Celtic's Champions League draw with Juventus is most excited I have been at club, says Neil Lennon
Neil Lennon declared that Thursday’s Champions League draw – which paired Celtic with Juventus in the first knockout stage of the tournament – had excited him more than anything else in his time in charge at Parkhead.
Swede dreams: Henrik Larsson scores for Celtic in their 4-3 victory against Juventus in the Champions League group stage in 2001Photo: GETTY IMAGES
The Hoops manager had originally intended to travel to Nyon for the draw along with the Celtic chief executive, Peter Lawwell, and other club representatives but decided not to travel because the occasion coincided with the seventh birthday of his son, Gallagher.
Instead, Lennon watched the proceedings unfold live on TV along with his squad at their Lennoxtown training base. “This is the most excited I’ve felt since I took over the job – and proud, proud to be associated with the club, Peter and the delegation out there.
“I’m delighted for the board and the supporters. With the players, there was a real sense of anticipation around the training ground this morning, as you can imagine. So they’ve all gone away really looking forward to what should be two of the best nights of their careers.
“I think they will be really respectful of us but they will fancy it behind closed doors. Do we fancy it? Over two games, anything can happen.
"The first game will be pivotal in terms of getting any sort of result but what I do feel is that we are capable of scoring away from home – we have proved that in all the games this season.
“So 0-0 at home, would that be a good result? The way we are playing away from home I don’t see why not, but we will need to play better than what we did against Benfica in Lisbon. If we can match what we did in Moscow and the Nou Camp then we should be OK.”
The return of Juve to the east end of Glasgow on Feb 12 – the return in Turin is on March 6 – will resonate powerfully with Lennon, who played in one of Celtic’s legendary victories, when they beat the Bianconeri 4-3 at Parkhead in a group stage game on Halloween 2001.
In the first game at the Stadio Delle Alpi, Juve won 3-2, the winning goal being scored from a penalty kick won by Nicola Amoruso with a blatant dive in a challenge by Joos Valgaeren.
The incident provoked Martin O’Neill to apoplectic rage in the Celtic technical area, a scene that has never been forgotten by those who witnessed it.
“To be fair, you couldn’t blame him because there was no contact between Joos and Amoruso,” said Lennon.
“Amoruso got the penalty and we all felt incensed, all felt a sense of injustice. We had come back from 2-0 down and Trezeguet had scored two that night. We didn’t play well in the first half but played really well in the second half.
“If a decision like that had gone against me, as a manager, I would have been just incensed.”
Asked if that was as angry as he ever saw O’Neill, Lennon laughed and replied: "No – you obviously haven’t seen him in an office with me at times! It was huge because of the way the game had gone, the team he had set out, the team he had built in a short space of time – and the team we were playing, one of the favourites to win the tournament that year.
“You had Nedved, Davids, Trezeguet, Del Piero, Salas, I think Buffon was playing. It was a team littered with world class stars. We had matched them for 89 or 90 minutes, so he had every right to feel aggrieved.”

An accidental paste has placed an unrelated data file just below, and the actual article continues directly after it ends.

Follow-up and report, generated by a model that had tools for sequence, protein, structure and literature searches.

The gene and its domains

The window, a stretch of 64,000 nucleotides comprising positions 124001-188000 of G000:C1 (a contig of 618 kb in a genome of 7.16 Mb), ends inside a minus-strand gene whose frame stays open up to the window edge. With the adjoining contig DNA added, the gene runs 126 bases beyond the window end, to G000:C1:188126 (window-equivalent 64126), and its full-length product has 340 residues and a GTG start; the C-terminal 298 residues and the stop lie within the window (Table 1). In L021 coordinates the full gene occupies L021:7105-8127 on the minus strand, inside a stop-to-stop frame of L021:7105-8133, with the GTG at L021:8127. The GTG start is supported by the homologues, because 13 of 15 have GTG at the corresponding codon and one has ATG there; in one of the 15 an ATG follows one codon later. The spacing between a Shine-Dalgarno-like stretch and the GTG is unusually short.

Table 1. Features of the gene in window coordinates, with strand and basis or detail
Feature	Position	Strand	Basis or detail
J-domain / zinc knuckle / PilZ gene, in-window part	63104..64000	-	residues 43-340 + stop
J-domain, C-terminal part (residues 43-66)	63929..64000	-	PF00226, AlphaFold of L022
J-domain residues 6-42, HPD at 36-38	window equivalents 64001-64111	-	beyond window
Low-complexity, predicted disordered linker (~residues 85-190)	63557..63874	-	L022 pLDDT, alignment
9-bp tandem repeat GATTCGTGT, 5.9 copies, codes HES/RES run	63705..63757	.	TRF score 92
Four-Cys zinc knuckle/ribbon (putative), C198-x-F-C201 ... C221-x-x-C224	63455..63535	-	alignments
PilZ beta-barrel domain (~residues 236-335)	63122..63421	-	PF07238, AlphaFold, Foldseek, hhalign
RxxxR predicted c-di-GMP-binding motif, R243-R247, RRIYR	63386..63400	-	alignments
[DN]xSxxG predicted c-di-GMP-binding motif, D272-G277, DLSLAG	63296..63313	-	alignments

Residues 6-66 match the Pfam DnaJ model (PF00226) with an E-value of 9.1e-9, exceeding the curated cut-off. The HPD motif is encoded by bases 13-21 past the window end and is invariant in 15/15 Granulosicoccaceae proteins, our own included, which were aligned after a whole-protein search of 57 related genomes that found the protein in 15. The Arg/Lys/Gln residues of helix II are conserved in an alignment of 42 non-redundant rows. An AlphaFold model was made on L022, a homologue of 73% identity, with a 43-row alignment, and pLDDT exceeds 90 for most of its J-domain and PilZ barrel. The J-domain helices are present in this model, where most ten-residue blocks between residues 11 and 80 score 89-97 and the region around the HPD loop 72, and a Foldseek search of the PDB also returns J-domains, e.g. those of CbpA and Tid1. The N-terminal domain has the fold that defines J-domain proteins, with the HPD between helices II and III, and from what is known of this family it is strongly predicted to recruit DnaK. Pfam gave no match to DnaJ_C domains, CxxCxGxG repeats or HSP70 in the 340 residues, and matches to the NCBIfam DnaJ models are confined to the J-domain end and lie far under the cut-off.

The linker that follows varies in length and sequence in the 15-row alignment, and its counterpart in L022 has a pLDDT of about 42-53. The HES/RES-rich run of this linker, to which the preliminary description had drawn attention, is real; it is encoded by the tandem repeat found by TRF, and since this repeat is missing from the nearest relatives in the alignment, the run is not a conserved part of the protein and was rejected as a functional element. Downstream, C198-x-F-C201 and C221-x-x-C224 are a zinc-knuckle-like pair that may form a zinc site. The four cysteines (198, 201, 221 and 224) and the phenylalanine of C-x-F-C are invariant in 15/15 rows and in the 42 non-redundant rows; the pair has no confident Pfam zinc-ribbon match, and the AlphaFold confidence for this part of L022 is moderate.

The matter rankled so much with Celtic – who were edged out of qualification from the group by Juve – that when Lennon attended a coaching forum addressed by Marcello Lippi, who was in charge of the Italian side in 2001, he brought the matter up once more.
“So I said, “OK, 11 years ago, over in Turin – was it a penalty?' He said, ‘Ah, some decisions you get, some decisions you don’t’,” said Lennon.
Of the current side, Lennon said: “I think this Juventus team are formidable. Always the Italian teams are tough cookies and this team are consistently excellent at the minute.
“They are well clear at the top of Serie A, they won the league comfortably last year, they topped a group with Chelsea and Shakhtar – and beat Chelsea 3-0. There’s not many teams do that.
“So they are a formidable side, they know each other very well, they have a lot of flair with people like Sebastian Giovinco, Andrea Pirlo and others. The majority of that Italian team that got to the final of the Euros was made up of Juventus players.”
Celtic encountered Serie A opposition last year, when they met Udinese in the Europa League and held them to a draw in Italy.
“I think Juventus are stronger than Udinese but at that time Udinese were in second in Serie A and doing quite well,” he said.
“I think it will be a very tactical game, they counter attack very well and have good pace in wide areas and like all Italian teams they will be very well set up defensively.
”Italian football has been through a transitional phase but it’s coming through the other side. There are cycles, and this seems to be Juventus’s time. AC Milan are down a bit, Inter have been inconsistent since winning the Champions League, so Juventus look like top dogs at the moment.”
Meanwhile, the reaction from Juve was as Lennon anticipated. “It could be worse, even if Celtic are a team to respected,” said Pavel Nedved, the former Juventus and Czech midfielder and now a club director.
“They defeated Barcelona in the group stage and fully deserved to qualify. I have played there [at Celtic Park] in the past and can guarantee we will encounter a great atmosphere.
“We will need to be very focused from the start and try to play with their same intensity. In the knockout stages, experience is very important and I hope our players take on Celtic with great determination. Playing the return leg at home is surely a small advantage.”